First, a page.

Councillor Alison Butler, Cabinet Member for Homes, Regeneration and Planning, gave a presentation to the Committee which outlined the work that was being undertaken within her portfolio. Delivering affordable housing and making Croydon a great place to live, work and study were stated to be at the heart of the work.
The Cabinet Member noted that a recent success had been the consultation on the Local Plan which had received over 8,000 responses, and that between 5 September and 17 October 2016 residents could submit final comments on the Plan which would be included as part of the submission submitted to the Planning Inspectorate.
A Place Review Panel would be launched with experts who would give independent advice on improving the quality of the built environment within the borough. The Cabinet Member informed the Committee that projects were progressing, such as the Fairfield Halls, the Old Convent in Ashburton Park and that the New Addington pool had received planning permission. A 250 year lease had been agreed with Hub for the Taberner House site for 500 units, 30% which would be affordable, and for increased green space. It was anticipated that a planning application would be submitted in February 2017 and for works to start in summer 2017.
The Committee were informed that priorities for the portfolio were for the Local Plan to be approved as it was the overarching planning document which impacted jobs, housing, leisure, and district and town centres in the borough. Furthermore, it was a priority for the Growth Zone to continue to develop to deliver 39 projects to increase the supply of affordable housing.
The Cabinet Member stated that the pressures that were experienced within the portfolio included:
retaining high quality staff;
budget constraints as a consequence of austerity;
managing the increased expectations of residents and businesses;
the possible impact of the Housing and Planning Bill;
managing the impact of a 1% rent cut in the Housing Revenue Account;
managing the impact of other borough placing their residents in temporary accommodation within Croydon; and
ensuring that residents did not go into rent arrears with the introduction of the Universal Credit which saw money going straight to residents rather than the council.
The Committee were informed that it was felt that the Neighbourhood Planning and Infrastructure Bill would lead to a loss of local accountability. The Planning Department were managing 1,170 planning applications and it was expected that this figure would increase.
The Cabinet Member further stated that Right to Buy figures were increasing again, with 143 completions in 2015/16 which increased the pressure on providing housing. However, the council had been successful in bringing 108 empty properties back into use.
In response to Member questions the Cabinet Member for Homes, Regeneration and Planning stated that housing standards were improving and that the authority was responsible for ensuring that council housing was up to standard and that stock was being maintained. The Cabinet Member felt confident that the council was meeting the decent homes standard. For private rented properties the Landlord Licensing Scheme was ensuring that private properties were being inspected and notices were served where necessary.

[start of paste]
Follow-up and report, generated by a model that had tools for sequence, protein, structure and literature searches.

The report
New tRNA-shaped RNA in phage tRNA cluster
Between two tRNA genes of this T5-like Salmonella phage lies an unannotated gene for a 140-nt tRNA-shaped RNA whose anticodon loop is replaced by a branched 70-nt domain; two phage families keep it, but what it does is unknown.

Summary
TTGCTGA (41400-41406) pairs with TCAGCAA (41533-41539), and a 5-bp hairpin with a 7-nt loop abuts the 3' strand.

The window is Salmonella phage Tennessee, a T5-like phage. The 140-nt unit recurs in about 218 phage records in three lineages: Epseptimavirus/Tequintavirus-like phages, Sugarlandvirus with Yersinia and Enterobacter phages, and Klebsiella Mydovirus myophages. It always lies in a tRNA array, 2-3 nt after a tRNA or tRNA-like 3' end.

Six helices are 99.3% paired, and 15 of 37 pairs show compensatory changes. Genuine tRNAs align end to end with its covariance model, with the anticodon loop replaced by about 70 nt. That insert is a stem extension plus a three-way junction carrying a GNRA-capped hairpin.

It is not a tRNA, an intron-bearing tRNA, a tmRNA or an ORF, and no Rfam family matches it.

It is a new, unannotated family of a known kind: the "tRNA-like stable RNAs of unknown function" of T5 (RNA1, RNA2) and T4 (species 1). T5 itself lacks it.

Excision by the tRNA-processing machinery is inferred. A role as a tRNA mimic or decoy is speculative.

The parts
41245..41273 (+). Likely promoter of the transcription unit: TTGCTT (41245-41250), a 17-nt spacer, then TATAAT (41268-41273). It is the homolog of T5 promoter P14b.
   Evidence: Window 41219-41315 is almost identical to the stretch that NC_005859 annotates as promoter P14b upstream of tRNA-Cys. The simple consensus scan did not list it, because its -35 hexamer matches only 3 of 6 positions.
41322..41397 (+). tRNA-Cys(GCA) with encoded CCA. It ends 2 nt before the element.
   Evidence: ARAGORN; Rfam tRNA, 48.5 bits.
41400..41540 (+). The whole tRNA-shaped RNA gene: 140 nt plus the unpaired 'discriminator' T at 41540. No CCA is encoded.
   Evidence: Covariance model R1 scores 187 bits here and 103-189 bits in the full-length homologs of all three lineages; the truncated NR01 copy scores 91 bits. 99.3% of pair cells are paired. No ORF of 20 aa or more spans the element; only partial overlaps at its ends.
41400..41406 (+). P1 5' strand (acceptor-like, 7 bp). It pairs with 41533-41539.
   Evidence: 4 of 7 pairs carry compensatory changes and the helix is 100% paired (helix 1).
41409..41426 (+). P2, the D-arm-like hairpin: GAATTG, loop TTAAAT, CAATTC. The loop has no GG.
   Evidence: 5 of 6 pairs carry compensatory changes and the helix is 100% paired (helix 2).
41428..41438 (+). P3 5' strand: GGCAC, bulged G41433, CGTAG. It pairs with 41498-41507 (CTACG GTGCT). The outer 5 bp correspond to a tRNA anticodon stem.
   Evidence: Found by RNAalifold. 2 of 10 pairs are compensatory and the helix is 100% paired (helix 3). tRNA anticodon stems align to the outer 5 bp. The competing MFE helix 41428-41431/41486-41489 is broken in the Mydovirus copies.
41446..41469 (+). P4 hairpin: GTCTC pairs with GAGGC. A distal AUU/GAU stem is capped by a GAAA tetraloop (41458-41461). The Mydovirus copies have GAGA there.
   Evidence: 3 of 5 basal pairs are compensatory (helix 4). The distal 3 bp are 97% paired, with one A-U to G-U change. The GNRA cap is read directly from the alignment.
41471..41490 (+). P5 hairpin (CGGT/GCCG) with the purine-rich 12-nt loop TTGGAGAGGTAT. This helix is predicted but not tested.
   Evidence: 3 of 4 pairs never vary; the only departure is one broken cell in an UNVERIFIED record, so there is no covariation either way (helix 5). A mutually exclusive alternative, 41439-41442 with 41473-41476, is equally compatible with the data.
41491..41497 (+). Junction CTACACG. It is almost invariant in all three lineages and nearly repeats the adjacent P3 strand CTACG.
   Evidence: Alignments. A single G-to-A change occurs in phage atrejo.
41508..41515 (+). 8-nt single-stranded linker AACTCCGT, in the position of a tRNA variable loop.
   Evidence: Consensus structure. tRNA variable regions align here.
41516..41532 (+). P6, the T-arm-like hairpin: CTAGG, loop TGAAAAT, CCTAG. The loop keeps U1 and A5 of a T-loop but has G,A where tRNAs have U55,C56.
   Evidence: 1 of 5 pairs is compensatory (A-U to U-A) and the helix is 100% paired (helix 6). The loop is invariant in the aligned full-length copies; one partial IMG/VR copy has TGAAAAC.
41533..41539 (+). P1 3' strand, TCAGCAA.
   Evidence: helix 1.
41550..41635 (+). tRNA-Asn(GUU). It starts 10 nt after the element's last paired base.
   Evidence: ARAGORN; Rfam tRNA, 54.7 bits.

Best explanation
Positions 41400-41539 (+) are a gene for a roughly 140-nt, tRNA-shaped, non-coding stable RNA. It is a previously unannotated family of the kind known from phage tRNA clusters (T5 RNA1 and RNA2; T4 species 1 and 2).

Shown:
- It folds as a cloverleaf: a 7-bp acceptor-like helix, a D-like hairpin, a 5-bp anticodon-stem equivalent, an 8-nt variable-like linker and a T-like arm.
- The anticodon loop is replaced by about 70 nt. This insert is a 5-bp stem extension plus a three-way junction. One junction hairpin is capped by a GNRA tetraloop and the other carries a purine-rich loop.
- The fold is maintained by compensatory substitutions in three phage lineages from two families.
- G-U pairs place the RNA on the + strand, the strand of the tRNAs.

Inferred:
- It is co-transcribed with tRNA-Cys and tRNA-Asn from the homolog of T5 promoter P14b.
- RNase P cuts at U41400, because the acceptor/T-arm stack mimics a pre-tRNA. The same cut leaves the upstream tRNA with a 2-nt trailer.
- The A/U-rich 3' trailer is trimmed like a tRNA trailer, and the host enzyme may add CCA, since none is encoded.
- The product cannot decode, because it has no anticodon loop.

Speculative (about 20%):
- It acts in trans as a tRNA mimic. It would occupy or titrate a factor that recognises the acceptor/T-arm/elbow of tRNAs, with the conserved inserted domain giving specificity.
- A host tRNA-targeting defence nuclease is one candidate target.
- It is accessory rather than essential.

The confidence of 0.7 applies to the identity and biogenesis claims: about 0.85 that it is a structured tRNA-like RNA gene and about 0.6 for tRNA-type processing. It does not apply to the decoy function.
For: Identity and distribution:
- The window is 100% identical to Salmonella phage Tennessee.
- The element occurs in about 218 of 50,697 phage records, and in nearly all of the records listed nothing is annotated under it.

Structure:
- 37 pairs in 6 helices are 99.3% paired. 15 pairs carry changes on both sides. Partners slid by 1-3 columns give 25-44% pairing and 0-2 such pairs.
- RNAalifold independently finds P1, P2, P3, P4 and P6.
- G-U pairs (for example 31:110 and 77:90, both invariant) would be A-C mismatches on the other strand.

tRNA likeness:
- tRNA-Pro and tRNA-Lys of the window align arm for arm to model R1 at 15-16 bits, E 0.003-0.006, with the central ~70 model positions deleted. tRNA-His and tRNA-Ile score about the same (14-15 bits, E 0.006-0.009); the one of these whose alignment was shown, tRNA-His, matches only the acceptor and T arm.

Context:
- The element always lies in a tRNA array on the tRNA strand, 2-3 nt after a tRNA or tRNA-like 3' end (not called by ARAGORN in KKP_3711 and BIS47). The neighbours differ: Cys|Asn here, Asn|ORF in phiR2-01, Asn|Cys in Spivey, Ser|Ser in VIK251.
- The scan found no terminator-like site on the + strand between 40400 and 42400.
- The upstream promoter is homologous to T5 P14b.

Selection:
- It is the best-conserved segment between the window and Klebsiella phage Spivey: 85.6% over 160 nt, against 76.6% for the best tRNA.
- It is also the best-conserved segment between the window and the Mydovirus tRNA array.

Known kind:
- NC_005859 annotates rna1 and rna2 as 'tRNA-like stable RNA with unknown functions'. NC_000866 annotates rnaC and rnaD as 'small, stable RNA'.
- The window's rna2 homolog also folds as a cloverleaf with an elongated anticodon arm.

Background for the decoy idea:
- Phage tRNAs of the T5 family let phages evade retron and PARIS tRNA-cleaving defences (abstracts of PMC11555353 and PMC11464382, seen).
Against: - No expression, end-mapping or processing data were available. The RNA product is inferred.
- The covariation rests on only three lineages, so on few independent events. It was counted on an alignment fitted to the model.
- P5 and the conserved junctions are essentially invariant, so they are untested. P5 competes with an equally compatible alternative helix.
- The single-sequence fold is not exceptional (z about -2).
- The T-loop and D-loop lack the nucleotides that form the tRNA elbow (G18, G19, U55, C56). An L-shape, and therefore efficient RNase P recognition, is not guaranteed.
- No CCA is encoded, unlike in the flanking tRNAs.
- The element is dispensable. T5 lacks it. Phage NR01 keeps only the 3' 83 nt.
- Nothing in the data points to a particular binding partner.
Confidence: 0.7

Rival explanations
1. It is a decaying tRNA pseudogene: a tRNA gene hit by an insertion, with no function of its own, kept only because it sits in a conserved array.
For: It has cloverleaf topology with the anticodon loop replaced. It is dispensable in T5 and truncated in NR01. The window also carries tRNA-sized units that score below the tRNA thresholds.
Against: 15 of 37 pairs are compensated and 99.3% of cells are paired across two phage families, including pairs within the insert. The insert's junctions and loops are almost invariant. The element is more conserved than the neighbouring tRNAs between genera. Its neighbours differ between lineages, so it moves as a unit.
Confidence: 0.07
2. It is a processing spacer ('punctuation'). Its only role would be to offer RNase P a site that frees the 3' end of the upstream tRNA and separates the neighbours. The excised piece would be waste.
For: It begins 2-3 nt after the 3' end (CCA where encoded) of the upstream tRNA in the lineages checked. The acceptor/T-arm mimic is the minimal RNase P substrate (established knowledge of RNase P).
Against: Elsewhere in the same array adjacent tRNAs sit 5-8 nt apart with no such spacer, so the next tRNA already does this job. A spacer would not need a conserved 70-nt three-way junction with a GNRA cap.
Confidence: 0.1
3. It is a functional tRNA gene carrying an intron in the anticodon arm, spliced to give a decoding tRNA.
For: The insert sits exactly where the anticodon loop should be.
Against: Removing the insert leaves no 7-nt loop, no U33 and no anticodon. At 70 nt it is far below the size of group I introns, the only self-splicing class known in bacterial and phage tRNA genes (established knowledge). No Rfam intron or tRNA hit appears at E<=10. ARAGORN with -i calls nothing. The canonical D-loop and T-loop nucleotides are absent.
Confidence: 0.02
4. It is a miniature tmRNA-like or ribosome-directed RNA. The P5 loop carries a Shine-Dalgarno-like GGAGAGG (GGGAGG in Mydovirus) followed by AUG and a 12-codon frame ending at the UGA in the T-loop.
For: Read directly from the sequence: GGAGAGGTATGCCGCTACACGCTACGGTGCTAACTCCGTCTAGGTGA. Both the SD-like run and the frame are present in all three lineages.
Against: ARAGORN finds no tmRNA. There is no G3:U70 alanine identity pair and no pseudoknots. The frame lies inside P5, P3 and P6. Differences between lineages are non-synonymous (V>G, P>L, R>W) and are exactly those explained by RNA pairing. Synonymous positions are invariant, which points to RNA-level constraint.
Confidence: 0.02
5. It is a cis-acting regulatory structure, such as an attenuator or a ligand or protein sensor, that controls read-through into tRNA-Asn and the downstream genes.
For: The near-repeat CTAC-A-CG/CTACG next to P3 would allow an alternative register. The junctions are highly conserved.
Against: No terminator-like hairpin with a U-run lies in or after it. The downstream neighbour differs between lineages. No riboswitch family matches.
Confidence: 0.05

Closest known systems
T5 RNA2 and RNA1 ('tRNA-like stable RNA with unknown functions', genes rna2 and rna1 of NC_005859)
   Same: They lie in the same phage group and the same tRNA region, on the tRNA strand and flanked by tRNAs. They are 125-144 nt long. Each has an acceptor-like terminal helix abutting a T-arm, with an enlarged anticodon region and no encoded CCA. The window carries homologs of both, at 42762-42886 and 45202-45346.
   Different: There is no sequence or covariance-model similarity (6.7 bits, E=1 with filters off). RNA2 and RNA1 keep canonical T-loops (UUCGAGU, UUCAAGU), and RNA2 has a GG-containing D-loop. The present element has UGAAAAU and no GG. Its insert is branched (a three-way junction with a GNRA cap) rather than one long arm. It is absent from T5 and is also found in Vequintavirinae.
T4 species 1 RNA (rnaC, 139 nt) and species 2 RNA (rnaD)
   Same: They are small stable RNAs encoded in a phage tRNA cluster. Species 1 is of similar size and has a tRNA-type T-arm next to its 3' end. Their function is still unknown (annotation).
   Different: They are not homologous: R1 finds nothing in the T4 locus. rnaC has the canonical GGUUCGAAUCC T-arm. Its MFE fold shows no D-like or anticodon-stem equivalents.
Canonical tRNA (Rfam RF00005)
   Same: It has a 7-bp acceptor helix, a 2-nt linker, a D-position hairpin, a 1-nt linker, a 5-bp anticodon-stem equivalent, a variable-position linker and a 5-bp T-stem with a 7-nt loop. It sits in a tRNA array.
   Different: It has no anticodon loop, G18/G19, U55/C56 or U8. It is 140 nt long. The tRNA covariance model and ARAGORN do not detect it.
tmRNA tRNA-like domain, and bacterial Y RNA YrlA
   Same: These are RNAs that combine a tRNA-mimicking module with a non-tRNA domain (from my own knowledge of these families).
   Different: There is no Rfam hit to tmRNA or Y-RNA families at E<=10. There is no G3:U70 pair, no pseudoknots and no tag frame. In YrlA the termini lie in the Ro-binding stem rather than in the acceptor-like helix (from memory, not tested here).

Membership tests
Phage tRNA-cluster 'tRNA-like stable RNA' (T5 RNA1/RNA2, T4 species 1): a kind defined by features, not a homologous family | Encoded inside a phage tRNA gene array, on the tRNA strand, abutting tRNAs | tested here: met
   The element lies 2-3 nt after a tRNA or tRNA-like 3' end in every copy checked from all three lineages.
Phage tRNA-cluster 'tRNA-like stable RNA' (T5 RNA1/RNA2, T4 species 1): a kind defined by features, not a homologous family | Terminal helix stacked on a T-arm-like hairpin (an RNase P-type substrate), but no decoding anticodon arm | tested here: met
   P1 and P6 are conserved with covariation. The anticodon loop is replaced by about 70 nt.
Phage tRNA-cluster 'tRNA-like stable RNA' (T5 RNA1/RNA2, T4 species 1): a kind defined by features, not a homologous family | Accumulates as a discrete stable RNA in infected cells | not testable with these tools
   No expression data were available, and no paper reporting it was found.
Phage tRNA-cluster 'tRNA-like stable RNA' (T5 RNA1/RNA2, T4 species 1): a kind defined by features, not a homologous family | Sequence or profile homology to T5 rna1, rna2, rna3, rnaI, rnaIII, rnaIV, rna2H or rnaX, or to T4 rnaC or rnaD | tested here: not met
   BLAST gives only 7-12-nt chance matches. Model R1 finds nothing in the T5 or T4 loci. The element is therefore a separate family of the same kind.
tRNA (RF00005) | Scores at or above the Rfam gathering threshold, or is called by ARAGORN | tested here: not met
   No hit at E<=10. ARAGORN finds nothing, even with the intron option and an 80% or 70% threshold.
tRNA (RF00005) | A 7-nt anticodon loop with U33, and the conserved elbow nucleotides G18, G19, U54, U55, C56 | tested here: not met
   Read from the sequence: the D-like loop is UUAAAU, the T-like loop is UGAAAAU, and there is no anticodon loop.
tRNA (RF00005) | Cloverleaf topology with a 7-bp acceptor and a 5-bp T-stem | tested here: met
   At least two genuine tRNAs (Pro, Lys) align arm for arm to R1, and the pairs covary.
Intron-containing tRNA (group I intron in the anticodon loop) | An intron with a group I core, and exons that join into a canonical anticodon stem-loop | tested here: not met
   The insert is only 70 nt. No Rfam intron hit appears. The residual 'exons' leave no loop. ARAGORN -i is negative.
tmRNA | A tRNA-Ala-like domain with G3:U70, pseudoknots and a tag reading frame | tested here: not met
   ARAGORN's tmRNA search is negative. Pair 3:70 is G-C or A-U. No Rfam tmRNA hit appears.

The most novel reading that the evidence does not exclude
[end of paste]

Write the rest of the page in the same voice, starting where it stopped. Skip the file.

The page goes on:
The Committee noted that the size of some properties being built in recent years had been relatively small and were informed that the London Plan outlined the London room standards which had to be followed. The council, however did not have any control on who lived in properties once built and for a property to be deemed as being overcrowded a very large number needed to be living in the same property.
The Cabinet Member informed the Committee that an extensive search for appropriate sites for a gypsy and traveller site had been conducted and the proposed site was for the Purley Oaks depot, not the recycling centre. When the council initially consulted on the site there had been no objections lodged, however a second phase of consultation was ongoing and any objections would be within the submission to the Inspectorate.
In response to Member questions the Cabinet Member informed the Committee that under permitted development the council had no control over the size of units being developed as space standards did not need to be met. However, the council had been successful in being awarded an Article 4 for Croydon town centre.
The Cabinet Member stated that they felt that Croydon could play its part in delivering the housing target set in the Local Plan and the London Plan, however it was important that surrounding boroughs, including those outside London, also delivered more housing. For this to be successful, and not lead to the development of all Metropolitan Open Land, sensitive intensification would be required. The Committee were informed that the London Living Rent was being reviewed and it was thought that it may be possible to deliver a similar scheme through Brick by Brick.